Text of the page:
Its 1850s mud and straw cottage, which once belonged to a blacksmith, dates back to the Barossa’s earliest European settlers, German emigrants who planted some of the earliest vines in the area. It’s an awesome sight, which is quite ironic as Gibson’s founder Rob Gibson, who spent more than two decades making wine for Penfold’s, is more grassroots than “instant celebrity”, as he explains on his website.
As for the wines, The Dirtman Shiraz, nodding to Gibson himself, is widely acknowledged while its sensational Australian Old Vine Collection Barossa Shiraz is crafted to complex perfection – and critics can’t get enough of it.
Another irresistible family-run winery, this one set in a tranquil hillside on the site of an old quarry, Bethany Wines transports you to Bordeaux. The stone building dates to 1981 but the winemakers, Rob and Geoff Schrapel, are fifth-generation Barossans whose ancestors first planted vines here in 1852.
Today they have almost 40 hectares and devoted drinkers right around the globe. The hill it’s perched upon provides stunning panoramic views of the Barossa Valley floor, a dream vantage point to take in their seriously sensational GR Reserve Shiraz, Blue Quarry Riesling, and First Village Grenache.
Yes, it’s a must-do as the most famous name in Australian wine but, it must be said, the visitor experience at Penfold’s is less than memorable. More drive-thru bottle shop than cellar door sensation. You rock up in the car park, go inside and buy your wines. No meandering grounds, picnic spots or tantalising wafting aromas from in-house eateries – although to be fair, the home of Penfold’s and its award-winning restaurant is at Magill in Adelaide.
And Penfold’s has never been a strictly Barossa operation. Multi-regional blending has been the go, even before the visionary Max Schubert created the iconic Penfold’s Grange Hermitage in 1951. The staff, however, are terrific. When we visited, they were enlightening and wining American, French and German as well as domestic visitors.
No, you can’t just front up and guzzle the Grange, and no, Penfold’s does not buy back its vintage wines from the public. But while in the Barossa, you’ll love learning about the fascinating story behind the Grange, especially the caustic reception on its release. “No one in their right mind will buy it, let alone drink it,” said one critic. Others couldn’t decide if it was an aphrodisiac or an anaesthetic. Another described the dominant flavour as “crushed ants.”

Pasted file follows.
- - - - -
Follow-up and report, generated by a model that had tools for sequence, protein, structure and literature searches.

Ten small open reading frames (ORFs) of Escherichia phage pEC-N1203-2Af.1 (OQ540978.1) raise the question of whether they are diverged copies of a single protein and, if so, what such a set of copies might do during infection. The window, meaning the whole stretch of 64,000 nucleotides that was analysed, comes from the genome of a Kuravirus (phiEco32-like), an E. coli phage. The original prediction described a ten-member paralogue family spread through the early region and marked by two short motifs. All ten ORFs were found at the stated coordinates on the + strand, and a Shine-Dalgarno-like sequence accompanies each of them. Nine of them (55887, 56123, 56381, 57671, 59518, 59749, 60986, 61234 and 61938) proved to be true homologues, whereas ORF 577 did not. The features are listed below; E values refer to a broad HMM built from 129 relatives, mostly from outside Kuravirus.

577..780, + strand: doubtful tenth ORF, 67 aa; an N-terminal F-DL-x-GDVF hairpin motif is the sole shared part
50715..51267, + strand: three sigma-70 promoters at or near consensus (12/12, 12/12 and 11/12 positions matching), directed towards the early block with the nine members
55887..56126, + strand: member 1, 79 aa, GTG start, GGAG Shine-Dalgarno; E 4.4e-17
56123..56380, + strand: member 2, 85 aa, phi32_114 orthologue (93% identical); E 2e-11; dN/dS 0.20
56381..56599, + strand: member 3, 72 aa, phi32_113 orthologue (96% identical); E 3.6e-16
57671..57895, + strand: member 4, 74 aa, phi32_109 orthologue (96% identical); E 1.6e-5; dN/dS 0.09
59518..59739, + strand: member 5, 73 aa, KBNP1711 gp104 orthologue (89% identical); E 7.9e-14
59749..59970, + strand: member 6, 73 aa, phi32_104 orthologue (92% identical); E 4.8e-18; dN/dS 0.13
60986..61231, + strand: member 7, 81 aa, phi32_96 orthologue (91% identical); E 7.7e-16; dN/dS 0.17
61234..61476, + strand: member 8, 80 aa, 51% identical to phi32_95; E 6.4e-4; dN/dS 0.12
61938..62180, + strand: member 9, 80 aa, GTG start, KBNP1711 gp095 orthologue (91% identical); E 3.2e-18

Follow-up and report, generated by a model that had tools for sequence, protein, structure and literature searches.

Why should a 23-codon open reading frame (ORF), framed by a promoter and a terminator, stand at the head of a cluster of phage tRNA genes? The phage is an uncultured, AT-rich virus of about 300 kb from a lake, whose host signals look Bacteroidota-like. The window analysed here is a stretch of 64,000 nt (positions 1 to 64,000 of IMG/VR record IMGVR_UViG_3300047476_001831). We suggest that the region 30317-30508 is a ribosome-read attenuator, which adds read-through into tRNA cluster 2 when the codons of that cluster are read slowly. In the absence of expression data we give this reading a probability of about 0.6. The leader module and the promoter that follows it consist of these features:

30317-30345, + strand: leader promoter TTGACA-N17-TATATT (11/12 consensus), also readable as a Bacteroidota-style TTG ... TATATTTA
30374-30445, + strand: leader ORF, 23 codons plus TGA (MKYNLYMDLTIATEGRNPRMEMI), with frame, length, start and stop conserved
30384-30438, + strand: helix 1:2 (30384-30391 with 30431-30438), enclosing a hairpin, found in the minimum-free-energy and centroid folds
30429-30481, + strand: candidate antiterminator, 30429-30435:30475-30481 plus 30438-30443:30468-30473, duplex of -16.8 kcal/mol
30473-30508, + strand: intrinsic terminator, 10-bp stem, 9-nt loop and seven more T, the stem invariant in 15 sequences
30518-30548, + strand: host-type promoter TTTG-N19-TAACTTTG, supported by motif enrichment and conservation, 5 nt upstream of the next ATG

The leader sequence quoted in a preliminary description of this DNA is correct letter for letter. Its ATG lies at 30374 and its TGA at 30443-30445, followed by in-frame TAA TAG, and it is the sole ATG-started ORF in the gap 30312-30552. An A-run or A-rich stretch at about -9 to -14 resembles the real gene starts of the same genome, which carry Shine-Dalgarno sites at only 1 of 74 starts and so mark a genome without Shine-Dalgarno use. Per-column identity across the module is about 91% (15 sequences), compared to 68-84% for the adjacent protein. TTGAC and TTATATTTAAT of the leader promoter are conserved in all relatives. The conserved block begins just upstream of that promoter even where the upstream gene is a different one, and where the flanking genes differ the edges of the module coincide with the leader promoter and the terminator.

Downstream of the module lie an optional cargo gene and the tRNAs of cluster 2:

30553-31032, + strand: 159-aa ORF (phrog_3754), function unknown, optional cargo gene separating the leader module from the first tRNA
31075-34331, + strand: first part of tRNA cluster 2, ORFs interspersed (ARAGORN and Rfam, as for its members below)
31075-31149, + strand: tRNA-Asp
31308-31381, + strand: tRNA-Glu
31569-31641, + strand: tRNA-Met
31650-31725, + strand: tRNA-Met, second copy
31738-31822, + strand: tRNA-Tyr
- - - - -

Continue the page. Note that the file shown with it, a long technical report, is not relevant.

Stung by the hostile reception (and the expense of producing it), Penfold’s gave up on Grange in 1957, although Schubert continued to make it on the sly until 1960, when production resumed. In 1962, the 1955 vintage won first prize at the Sydney Show. At the 1979 Wine Olympiad in Paris, the 1971 Grange shocked local Rhone Valley heavyweights. The accolades have been pouring in ever since. Australian wine has never been the same.
An ultra-contemporary cellar door, filled with silky smooth timbers and warm shades of the Australian outback, is a blissful spot to catch a blazing sunset over the rolling hills of the Barossa, particularly on its generous-sized deck.
Wine tasting at Torbreck Vintners is an elegant experience and the team is passionate about their creations, not to mention the region and its bounty of ancient vines, which makes Torbreck that little bit more special.
The wine itself fits its sleek surroundings. Starting from the top, the infamous The Laird, its single vineyard Shiraz, is unmissable, but moving down the list is far from slumming it. RunRig, Torbeck’s shiraz/viognier blend, is highly commended in wine circles, while Les Amis, a grenache and The Factor, another shiraz, are straight-up stellar no matter your wine IQ.